As Sorry State broadens its purview beyond the hardcore, punk, post-punk and metal found in its distribution channels, Lupton imagines his shop will fill a niche for fringe-rock fans in the Capital City. "People don't really drive between cities in the Triangle unless they absolutely have to," he says, his own frequent commute notwithstanding. "So I definitely wouldn't be opening the store in the same town as All Day or Bull City. If there wasn't a third city that I felt was underserved, I probably just wouldn't be doing it."
For those across-town shoppers who don't want to make the trek, Lupton says opening the new shop will also coincide with an update to the Sorry State online store.
And so it begins: The first official event leading to the International Bluegrass Music Association's conference and music festival in Raleigh in late September happens tonight. Three downtown Raleigh venues will host viewing parties for the announcement of the 2013 IBMA award nominees.
Though the awards themselves have moved, this year's announcement ceremonies remain in Nashville, at the Loveless Cafe. North Carolina native Jim Lauderdale and newgrass innovator Sam Bush will host. The festivities begin at 6 p.m., and they'll be shown locally at Irregardless Cafe, Tir Na Nog and the Lincoln Theatre.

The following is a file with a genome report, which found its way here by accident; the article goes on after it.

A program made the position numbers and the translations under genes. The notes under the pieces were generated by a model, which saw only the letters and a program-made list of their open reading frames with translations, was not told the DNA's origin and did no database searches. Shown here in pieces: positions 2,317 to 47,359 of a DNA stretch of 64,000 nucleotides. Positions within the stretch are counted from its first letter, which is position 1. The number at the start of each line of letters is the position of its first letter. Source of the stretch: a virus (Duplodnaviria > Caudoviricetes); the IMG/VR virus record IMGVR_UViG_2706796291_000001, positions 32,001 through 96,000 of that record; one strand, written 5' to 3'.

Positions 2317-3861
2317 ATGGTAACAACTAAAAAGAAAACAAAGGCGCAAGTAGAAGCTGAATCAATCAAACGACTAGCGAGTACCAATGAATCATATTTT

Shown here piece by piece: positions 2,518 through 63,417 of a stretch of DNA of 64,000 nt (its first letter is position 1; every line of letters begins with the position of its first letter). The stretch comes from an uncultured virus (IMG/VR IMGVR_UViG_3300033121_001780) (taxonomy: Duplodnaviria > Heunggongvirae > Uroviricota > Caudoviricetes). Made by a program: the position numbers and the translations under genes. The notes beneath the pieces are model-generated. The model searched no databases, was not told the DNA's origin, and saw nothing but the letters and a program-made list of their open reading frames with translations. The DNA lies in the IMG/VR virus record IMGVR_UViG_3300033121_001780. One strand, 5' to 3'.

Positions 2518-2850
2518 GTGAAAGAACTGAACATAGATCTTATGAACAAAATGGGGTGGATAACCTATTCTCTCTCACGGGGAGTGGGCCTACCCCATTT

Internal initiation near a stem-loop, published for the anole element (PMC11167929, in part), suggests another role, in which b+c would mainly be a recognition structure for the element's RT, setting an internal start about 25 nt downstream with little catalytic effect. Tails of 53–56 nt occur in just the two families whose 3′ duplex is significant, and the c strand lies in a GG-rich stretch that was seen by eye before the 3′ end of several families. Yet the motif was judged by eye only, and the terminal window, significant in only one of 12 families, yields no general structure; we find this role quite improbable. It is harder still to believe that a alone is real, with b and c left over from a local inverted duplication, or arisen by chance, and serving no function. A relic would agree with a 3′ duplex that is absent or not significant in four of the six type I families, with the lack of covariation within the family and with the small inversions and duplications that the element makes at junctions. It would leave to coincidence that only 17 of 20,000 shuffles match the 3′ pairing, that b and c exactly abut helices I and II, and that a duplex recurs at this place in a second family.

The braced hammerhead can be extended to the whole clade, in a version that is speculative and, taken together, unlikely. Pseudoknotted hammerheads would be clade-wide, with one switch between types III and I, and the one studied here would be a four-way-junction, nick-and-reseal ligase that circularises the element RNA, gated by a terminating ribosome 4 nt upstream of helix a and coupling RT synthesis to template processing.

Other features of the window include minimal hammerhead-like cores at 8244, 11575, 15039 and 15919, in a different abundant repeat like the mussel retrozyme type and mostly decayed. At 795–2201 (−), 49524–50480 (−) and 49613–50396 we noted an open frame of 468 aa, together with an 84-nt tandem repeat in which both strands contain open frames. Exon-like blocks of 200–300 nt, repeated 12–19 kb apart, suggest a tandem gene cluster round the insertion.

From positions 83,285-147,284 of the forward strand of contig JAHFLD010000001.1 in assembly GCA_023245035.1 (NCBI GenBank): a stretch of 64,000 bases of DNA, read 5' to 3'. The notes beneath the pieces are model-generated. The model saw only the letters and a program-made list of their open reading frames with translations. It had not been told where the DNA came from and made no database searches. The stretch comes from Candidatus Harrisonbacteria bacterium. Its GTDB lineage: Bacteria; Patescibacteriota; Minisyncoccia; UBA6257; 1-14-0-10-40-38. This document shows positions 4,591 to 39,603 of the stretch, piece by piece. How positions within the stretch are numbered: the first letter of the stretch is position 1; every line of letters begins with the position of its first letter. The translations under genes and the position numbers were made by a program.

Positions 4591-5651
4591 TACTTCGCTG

The Long Rifle Bluegrass band will perform at Irregardless after the announcements, while Tir Na Nog will have a BBQ special to celebrate the event. Cindy and Terry Baucom will host a Q&A session about the festival. You can stream the announcement at Music City Roots.
The festival runs Sept. 24-28 in downtown Raleigh, with an industry conference taking place at the Convention Center alongside showcases and featured performances happening throughout various venues downtown. For more information, visit IBMA.org.
Tonight, Raleigh's Kings Barcade will host a pair of extremely literate singer-songwriters. But John Vanderslice and Eric Bachmann—who performs with his Crooked Fingers—have more on their minds than penning pristine verses and strumming a guitar, which makes their well-written words that much more potent.